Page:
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Some Physiological Effects of Non-Gaseous Exhaust Material from an Internal Combustion Engine

Please use this identifier to cite or link to this item: http://hdl.handle.net/1811/5169

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dc.creator Scholl, Allen W. en_US
dc.date.accessioned 2005-10-01T01:17:26Z
dc.date.available 2005-10-01T01:17:26Z
dc.date.issued 1966-05 en_US
dc.identifier.citation The Ohio Journal of Science. v66 n3 (May, 1966), 256-258 en_US
dc.identifier.issn 0030-0950 en_US
dc.identifier.uri http://hdl.handle.net/1811/5169
dc.description Author Institution: Department of Chemistry, Ashland College, Ashland, Ohio en_US
dc.description.abstract Exhaust materials were collected from a four-cylinder automobile engine that consumed 1 quart of lubricating oil for each 5 gal of gasoline. The oily condensate was separated into three fractions. These fractions contained paraffins, olefins, and cycloparaffins as fraction I, aromatics as fraction II, and non-hydrocarbons and oxygenated compounds as fraction III. The solvents produced no noticable effects on test mice after 279 days of testing. Fractions I and II produced ulcerated sores which formed thick scabs. Fraction II also produced a small amount of cancerous cells at the site of application. Fraction III produced thin scabs and was associated with hyperirritability and other evidence of central nervous system changes. This fraction was lethal in doses of 100 mg per week. en_US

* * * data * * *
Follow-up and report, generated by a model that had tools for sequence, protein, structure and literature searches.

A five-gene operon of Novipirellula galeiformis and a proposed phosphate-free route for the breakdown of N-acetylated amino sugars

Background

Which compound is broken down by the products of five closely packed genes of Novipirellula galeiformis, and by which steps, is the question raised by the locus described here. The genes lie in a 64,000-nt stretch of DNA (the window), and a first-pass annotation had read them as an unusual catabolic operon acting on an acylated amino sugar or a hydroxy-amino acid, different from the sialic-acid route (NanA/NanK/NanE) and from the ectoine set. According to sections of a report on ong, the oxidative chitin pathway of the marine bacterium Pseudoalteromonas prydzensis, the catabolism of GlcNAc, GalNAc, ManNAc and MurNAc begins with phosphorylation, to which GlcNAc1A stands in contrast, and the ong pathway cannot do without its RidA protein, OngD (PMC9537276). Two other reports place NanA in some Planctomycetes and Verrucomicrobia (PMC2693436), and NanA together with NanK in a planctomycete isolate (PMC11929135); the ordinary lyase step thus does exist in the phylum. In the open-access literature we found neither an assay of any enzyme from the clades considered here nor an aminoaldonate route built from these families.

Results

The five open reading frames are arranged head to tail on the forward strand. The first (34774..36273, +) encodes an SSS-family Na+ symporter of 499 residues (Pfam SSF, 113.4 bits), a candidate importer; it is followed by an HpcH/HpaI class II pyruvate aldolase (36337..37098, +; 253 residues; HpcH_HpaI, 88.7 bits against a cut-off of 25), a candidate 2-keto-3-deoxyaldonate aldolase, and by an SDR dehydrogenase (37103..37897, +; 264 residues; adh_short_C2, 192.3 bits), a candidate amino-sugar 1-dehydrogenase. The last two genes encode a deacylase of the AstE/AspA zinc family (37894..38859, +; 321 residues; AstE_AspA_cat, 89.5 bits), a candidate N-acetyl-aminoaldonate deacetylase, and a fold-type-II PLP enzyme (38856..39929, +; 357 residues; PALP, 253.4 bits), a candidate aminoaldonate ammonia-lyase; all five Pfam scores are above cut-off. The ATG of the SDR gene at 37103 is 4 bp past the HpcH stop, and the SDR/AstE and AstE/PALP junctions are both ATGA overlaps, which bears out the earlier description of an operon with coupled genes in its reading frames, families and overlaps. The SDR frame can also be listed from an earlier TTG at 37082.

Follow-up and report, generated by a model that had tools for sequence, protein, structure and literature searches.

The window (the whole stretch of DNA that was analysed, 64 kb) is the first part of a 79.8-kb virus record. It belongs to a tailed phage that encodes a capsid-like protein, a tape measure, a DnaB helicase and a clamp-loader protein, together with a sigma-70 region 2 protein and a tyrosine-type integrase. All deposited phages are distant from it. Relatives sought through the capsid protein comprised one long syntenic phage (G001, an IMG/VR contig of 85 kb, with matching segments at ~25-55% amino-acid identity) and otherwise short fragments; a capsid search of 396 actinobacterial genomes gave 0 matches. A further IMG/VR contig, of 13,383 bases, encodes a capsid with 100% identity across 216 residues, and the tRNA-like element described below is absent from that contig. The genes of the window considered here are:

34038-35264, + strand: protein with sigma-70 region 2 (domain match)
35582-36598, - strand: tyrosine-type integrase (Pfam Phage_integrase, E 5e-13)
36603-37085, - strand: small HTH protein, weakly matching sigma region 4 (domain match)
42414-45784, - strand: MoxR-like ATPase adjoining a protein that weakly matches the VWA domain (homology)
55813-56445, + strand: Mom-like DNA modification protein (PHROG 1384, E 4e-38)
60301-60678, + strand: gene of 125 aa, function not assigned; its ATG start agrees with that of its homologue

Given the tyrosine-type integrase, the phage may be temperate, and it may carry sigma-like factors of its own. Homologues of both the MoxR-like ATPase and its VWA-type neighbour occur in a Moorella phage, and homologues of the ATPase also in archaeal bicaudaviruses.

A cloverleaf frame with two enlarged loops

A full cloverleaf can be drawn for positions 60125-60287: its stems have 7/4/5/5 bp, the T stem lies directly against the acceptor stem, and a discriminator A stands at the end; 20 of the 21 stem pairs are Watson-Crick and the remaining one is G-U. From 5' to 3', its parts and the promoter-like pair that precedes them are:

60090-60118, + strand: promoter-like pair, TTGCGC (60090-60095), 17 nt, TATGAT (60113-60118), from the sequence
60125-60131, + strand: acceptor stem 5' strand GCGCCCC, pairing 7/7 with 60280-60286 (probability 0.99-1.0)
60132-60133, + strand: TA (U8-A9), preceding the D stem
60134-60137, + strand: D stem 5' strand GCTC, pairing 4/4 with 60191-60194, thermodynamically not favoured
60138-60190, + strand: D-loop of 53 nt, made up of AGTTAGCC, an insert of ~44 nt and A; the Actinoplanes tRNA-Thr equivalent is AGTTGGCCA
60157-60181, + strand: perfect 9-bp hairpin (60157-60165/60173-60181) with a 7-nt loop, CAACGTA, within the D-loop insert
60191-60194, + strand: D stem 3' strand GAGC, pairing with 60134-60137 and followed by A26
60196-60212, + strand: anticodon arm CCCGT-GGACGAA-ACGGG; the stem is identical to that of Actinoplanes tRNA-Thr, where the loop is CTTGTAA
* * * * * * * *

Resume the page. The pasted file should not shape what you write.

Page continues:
dc.format.extent 284741 bytes
dc.format.mimetype application/pdf
dc.language.iso en_US
dc.rights Reproduction of articles for non-commercial educational or research use granted without request if credit to The Ohio State University and The Ohio Academy of Science is given. en_US
dc.title Some Physiological Effects of Non-Gaseous Exhaust Material from an Internal Combustion Engine en_US